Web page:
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Will Trump accept the legitimacy of the election if he loses next November?


There’s already a lot of evidence that he won’t.

First, we have the conclusion of Michael Cohen’s testimony from last week. Cohen’s testimony went on for many hours, and he ended it with a chilling statement.  President Trump’s personal “fixer” – the man who had been as close to Donald Trump as anyone for more than a decade – had this to say about the possible consequences of next year’s presidential election:  “Given my experience working for Mr. Trump, I fear that if he loses the election in 2020, that there will never be a peaceful transition of power.”

Now we have this:


Even as the 2020 race begins in earnest, President Donald Trump is already suggesting that Democrats cannot beat him fairly — raising the specter that if he loses next November, he will suggest that the election was not legitimate.

“The Democrats in Congress yesterday were vicious and totally showed their cards for everyone to see,” Trump tweeted Tuesday, referring to House Democrats’ launching of a broad-scale investigation into him. “When the Republicans had the Majority they never acted with such hatred and scorn! The Dems are trying to win an election in 2020 that they know they cannot legitimately win!”
Some of this turns on how close the presidential election is.  If it looks anything like 2000, 2004, or 2016, I’d say the odds of Trump refusing to recognize the legitimacy of his defeat will be close to 100%.  On the other hand, if he gets blown out then he might be even more unwilling to acknowledge reality, given the humiliation of the public’s rebuke. So heads we lose/tails we lose, maybe/probably.
So what then?  I’ve got a draft article that asks this question in the context of a broader argument about how the 25th amendment should be employed going forward. (Part of the argument is that Section 4 of the amendment needs to be altered by legislation, which would replace the cabinet with some group whose members can’t be fired by the president, should they decide to invoke it).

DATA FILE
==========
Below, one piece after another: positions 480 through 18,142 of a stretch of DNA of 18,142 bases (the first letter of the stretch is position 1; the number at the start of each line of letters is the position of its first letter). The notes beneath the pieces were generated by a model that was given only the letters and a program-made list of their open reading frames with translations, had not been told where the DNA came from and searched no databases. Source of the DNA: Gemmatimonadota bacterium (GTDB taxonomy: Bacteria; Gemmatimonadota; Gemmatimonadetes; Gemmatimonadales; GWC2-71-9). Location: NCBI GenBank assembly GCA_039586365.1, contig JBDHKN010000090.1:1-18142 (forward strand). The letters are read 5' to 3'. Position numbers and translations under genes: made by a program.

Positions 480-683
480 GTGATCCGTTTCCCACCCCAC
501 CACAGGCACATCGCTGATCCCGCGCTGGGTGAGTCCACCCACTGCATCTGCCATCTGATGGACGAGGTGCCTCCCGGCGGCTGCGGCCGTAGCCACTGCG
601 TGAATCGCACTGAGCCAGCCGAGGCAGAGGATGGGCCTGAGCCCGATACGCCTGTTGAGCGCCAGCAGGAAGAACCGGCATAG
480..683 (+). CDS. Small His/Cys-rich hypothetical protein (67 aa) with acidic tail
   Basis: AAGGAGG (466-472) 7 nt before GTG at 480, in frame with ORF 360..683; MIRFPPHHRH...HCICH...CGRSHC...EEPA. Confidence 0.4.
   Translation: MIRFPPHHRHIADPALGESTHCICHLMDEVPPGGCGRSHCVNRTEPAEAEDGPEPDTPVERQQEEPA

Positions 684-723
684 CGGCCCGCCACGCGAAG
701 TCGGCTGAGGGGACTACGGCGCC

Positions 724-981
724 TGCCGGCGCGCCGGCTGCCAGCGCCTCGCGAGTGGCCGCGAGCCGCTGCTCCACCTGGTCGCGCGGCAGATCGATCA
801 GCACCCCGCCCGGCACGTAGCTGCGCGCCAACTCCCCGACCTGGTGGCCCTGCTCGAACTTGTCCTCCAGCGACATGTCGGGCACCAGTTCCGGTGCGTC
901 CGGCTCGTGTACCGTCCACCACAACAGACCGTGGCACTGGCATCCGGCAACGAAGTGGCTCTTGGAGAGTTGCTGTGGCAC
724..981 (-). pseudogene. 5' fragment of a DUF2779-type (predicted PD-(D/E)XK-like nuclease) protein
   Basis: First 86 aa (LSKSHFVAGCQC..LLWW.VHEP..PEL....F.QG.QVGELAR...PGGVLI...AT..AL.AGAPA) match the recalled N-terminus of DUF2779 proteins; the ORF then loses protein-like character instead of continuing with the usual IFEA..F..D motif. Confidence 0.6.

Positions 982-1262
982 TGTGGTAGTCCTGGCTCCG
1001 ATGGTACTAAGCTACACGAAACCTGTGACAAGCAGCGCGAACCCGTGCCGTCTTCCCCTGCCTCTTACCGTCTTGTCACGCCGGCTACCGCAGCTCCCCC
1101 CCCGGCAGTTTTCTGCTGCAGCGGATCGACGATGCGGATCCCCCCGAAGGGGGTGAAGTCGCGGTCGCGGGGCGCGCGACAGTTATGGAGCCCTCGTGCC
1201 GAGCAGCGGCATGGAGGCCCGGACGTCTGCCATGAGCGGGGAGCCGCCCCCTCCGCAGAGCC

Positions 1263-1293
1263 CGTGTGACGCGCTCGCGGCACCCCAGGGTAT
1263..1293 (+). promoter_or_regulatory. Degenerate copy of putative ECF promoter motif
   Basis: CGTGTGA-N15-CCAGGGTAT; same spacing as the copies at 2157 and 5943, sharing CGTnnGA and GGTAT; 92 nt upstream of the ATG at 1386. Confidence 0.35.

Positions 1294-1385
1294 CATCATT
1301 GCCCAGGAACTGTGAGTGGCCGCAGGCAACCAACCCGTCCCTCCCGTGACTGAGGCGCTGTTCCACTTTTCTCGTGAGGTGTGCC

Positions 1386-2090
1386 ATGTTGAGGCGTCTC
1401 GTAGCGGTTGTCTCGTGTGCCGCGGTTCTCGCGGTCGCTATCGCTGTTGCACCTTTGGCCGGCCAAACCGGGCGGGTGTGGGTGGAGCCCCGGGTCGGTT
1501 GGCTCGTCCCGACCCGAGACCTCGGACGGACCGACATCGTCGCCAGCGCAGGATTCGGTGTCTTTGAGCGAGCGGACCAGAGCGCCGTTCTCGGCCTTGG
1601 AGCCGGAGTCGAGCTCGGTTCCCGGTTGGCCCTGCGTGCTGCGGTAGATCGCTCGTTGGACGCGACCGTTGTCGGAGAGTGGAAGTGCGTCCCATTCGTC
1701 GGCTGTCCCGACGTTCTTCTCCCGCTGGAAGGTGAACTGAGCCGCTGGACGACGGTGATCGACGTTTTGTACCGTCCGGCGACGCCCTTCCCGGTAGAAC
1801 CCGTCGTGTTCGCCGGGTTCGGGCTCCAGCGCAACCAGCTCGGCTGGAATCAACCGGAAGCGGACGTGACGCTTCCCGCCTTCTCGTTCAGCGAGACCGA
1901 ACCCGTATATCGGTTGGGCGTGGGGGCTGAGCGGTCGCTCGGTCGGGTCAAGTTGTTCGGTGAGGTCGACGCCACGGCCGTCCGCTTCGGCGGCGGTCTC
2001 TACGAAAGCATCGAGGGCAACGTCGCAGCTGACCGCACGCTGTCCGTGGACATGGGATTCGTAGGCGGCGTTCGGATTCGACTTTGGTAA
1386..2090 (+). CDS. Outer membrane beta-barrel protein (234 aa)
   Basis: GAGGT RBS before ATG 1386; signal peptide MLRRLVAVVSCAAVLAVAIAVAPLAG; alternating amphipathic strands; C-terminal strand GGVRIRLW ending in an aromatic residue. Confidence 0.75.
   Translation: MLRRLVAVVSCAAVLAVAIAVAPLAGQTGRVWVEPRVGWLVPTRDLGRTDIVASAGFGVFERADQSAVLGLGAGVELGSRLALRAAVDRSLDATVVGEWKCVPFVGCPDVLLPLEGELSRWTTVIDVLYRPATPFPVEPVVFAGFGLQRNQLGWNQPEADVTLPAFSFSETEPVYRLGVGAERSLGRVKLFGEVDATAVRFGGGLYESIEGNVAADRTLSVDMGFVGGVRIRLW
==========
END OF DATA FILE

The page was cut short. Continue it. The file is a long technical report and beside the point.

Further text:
Here’s the conclusion:
Imagine the following scenario: On November 3rd, 2020, Donald Trump suffers a crushing defeat at the polls.  A blue wave made up of Democrats, independents, and Republicans who can no longer tolerate someone like Trump at the head of their party votes to remove him from office.

If this were to happen, 77 days would pass before the inauguration of the new president.  Those 77 days would present countless opportunities for various abuses of presidential power.   Given Donald Trump’s history of reckless behavior and contempt for both customary and legal restraints on presidential behavior, the possibility that he would employ the transition period to loot the treasury, pardon himself and all his cronies, use the powers of his office to punish his political opponents, or, as his former personal attorney just suggested in testimony before Congress, even attempt to overturn the results of the election itself, is far from a merely theoretical concern.

This kind of situation is precisely the sort of constitutional crisis that Section 4 of the 25th Amendment was designed to address, even its present suboptimal form.   We can only hope that Republican elites can, under such circumstances, overcome their present obsequious attitude toward the demagogue who has taken over their party, and vigorously support the use of Section 4 to forestall such abuse of the powers of the presidency.

Should anything like this scenario come to pass, it will only make it even more evident why legislative modification of Section 4 is imperative.  Certainly no such reform can take place until the government is in the hands of a president and a party that has less to fear from a process that it will make it easier, as a practical matter, to remove an obviously unfit demagogue from the presidency.

When the United States of America is once again in that circumstance, such a reform should be undertaken as soon as possible.  Even after Donald Trump is, one way or another, removed from office, we will continue to navigate a political world in which the threat to democracy and the rule of law from aspiring presidential demagogues will still be very much with us.

Note that an enormous practical advantage of Section 4, relative to impeachment, is that Section 4 transfers all the powers of the president to the vice president, at the moment the vice president transmits a message to that effect to Congress.  Obviously there’s no chance of employing the 25th amendment prior to November 4th, 2020.  But employing it at that point may turn out to be a matter of survival for the republic itself.




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